F1 POWER RANKINGS: Who impressed our judges most on F1’s return to Austin?
Max Verstappen scored his first-ever United States Grand Prix victory with a brilliant performance at the Circuit of The Americas on Sunday. But did he score highest with our Aramco F1 Power Rankings judges? Read on to find out how they scored the field this week...
HOW IT WORKS
Our six-judge panel assesses each driver after every Grand Prix and scores them out of 10 according to their performance across the weekend – taking machinery out of the equation
Our experts’ scores are then averaged out across the season to create an overall Power Rankings Leaderboard (at the bottom of the page)
Max Verstappen had one of his strongest races of the season, taking pole position at a Mercedes stronghold but losing out to rival Lewis Hamilton at the very start of the race. The way he got that lead back was nothing short of clinical, a "super aggressive" strategy seeing him handle the Austin heat with the maturity and drive that only a championship leader could have.
He delivered a performance which handed Honda their first US GP victory since 1991, Red Bull their first US GP victory since 2013, and his own maiden victory Stateside. All of which impressed our judging panel.
Charles Leclerc was faultless on the way to fourth, his pace putting him right at the top of the midfield – 25 seconds ahead of fifth-place McLaren driver Daniel Ricciardo – on a circuit where Ferrari didn't expect to score as highly as they did. The Monegasque driver even thought he could have gained a podium on Sunday. That he finished only 10 seconds off Red Bull's Sergio Perez only underlines his case.
Lewis Hamilton put in a strong performance but ultimately he fell just short in Austin. Outdoing Verstappen into Turn 1, Hamilton had the lead until Red Bull opened up the undercut and caused the Briton a strategy headache. He gave chase admirably, pitting later than Verstappen for his final stint and ending up with an 8.8 second deficit to the leader on fresher tyres. But numerous other factors – including heat, backmarkers, and the Dutchman's late burst of speed – combined to deprive him of victory.
This was a test of endurance for Red Bull's Sergio Perez, the Mexican losing his drinks system under the baking sun at COTA with more than 30 laps remaining. His composure shone through from lights-out, Perez giving way to team mate Verstappen when the Dutchman ran wide at Turn 1, then going on to secure that final podium place. The kind of second-driver performance Team Principal Christian Horner has been seeking for a long time.
Daniel Ricciardo may have finished 25 seconds off Ferrari's Charles Leclerc, but put a firm grip on P5 even after losing a couple of places on the opening tour. The Australian came back, taking a place off team mate Lando Norris and another off Carlos Sainz – battling the Spaniard again at the very end with contact to hold on to a solid result.
Much like the Alpines, the Aston Martins seemed far from home in Texas. An engine penalty put Sebastian Vettel down to 18th on the grid, but the German picked up three handy places on the first lap, kept out of trouble to sweep past Williams' George Russell and Alfa Romeo's pacey Antonio Giovinazzi – and was promoted to the points as Pierre Gasly retired, and Kimi Raikkonen faltered late on.
When Yuki Tsunoda burst out of the gates back in Bahrain, this was the kind of performance we were expecting at every race. The AlphaTauri driver proved a stubborn obstacle for Valtteri Bottas – surely helping his fellow Honda-powered drivers at Red Bull gain points in the championship – managed his starting soft tyres in the searing heat, and took home useful points for the team when team mate Gasly was out of the running.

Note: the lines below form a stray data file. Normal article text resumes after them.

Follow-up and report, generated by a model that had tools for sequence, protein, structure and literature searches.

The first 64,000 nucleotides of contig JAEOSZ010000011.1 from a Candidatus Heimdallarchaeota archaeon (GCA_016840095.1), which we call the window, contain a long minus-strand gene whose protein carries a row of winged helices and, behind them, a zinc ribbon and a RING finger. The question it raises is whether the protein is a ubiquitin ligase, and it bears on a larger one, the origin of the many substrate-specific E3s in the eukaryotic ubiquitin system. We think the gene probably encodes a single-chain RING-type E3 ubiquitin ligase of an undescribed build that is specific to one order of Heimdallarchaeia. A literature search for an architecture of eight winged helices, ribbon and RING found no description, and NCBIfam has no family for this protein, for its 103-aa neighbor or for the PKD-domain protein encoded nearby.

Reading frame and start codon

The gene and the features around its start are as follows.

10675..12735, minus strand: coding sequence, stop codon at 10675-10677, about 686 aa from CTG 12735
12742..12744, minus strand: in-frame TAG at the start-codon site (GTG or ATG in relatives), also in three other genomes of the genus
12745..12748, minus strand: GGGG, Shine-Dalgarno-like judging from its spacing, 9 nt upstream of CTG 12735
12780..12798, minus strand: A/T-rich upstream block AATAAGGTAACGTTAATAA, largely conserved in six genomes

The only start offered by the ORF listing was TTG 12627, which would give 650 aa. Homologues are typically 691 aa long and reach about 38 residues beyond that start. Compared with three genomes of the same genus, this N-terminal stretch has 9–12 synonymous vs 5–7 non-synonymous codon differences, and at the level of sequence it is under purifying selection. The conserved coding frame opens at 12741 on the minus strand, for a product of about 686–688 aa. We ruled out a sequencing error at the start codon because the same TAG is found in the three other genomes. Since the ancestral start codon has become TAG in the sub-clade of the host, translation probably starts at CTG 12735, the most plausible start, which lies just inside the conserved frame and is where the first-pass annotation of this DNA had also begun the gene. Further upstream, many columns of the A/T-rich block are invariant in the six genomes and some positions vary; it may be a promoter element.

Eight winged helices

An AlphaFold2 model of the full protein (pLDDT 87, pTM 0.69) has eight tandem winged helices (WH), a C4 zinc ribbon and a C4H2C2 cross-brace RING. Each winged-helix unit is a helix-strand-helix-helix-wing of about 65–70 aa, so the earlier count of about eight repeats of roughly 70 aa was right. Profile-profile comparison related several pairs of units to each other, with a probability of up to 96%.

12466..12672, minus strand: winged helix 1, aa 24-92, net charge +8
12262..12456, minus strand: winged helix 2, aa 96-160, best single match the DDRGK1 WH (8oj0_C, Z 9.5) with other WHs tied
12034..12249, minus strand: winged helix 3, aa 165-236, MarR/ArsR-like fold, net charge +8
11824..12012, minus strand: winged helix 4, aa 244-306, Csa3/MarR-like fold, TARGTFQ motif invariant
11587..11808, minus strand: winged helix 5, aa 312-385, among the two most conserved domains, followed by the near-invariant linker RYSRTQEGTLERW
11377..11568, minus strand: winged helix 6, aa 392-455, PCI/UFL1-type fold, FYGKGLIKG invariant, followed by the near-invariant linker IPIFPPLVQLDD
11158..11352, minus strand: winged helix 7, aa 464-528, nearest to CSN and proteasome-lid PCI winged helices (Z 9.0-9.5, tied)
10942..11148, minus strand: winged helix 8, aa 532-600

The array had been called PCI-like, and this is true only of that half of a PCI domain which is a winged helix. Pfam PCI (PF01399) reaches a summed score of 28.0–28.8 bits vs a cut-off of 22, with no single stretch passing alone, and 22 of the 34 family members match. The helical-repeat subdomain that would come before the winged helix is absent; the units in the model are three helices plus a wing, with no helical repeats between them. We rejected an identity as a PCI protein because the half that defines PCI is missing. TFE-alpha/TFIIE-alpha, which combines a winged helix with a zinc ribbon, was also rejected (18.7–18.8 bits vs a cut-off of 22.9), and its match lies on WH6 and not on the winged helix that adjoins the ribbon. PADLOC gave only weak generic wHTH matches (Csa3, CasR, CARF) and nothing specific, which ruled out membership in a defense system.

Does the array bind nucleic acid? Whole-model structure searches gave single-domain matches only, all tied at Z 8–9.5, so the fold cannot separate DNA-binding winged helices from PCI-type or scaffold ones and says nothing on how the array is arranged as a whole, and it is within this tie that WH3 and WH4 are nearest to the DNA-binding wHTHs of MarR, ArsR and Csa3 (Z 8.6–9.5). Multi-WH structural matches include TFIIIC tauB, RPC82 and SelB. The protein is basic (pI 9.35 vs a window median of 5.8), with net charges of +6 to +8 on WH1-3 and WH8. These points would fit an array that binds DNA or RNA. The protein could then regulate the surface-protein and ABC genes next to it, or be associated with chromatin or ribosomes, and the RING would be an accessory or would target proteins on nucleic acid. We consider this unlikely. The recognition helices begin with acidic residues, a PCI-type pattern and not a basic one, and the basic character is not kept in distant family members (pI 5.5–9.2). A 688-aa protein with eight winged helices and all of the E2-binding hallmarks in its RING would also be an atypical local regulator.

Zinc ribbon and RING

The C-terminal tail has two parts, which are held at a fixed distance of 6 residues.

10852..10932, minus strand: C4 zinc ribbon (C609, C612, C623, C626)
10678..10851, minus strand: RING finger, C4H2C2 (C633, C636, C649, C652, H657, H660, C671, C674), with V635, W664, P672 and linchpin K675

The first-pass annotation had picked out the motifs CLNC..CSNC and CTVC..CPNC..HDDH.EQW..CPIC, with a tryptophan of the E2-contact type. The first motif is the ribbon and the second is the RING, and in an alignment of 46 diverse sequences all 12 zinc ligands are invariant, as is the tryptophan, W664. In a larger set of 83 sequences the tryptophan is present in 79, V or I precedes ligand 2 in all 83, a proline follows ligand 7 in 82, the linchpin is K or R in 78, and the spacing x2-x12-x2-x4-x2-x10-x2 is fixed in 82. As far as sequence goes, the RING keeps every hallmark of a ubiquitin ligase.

Carlos Sainz was undeniably unfortunate not to leave the United States with more than P7. His race was compromised as he had to start on soft tyres, and he lost out in a midfield battle on the run up to Turn 12 – returning, then quickly retaking a place to and from Lando Norris.
The kicker was that a slow second pitstop left Sainz fighting with Ricciardo at the very end, which led to him making contact with the McLaren and ultimately losing another position to Bottas by the flag.
Lando Norris gave it everything to fight from seventh on the grid, going three-wide with Ferrari's Sainz and McLaren team mate Ricciardo down the back straight and avoiding a collision with Leclerc going into the tight Turn 12. Unfortunately for Norris, he ended behind Sainz and Ricciardo, and was overcut by Bottas late on to finish eighth.
So close to scoring a point in the US, Alfa Romeo's Antonio Giovinazzi started 12th, let Kimi Raikkonen by, and continued with comparable pace to his veteran team mate. But the Italian lost out in a battle against a fired-up Fernando Alonso, with another world champion – Aston Martin's Sebastian Vettel – passing him in the closing stages to take the final points-paying spot.
Three drivers who had markedly different races all just missed out on our top 10: Valtteri Bottas of Mercedes; Pierre Gasly of AlphaTauri; and Alfa Romeo's Kimi Raikkonen.
Bottas's progress was stalled by a stubborn Yuki Tsunoda but he pulled off the overcut to finish sixth from ninth with a late pass on Sainz. Gasly showed solid pace from P8 was looking a sure-shot for points before a suspension failure stopped him. And finally, Raikkonen almost took the last point for Alfa Romeo before a spin dropped him to 13th.
The overall standings
No change at the top: Verstappen is emphatically leading our Power Rankings ahead of Norris and Hamilton. But Leclerc has dropped a place; as he was previously level with Hamilton on 8.1.
Sainz, Gasly, and Russell remain equal fifth but Ricciardo and Alpine's Esteban Ocon – the Frenchman having retired from the race in Austin – have swapped places.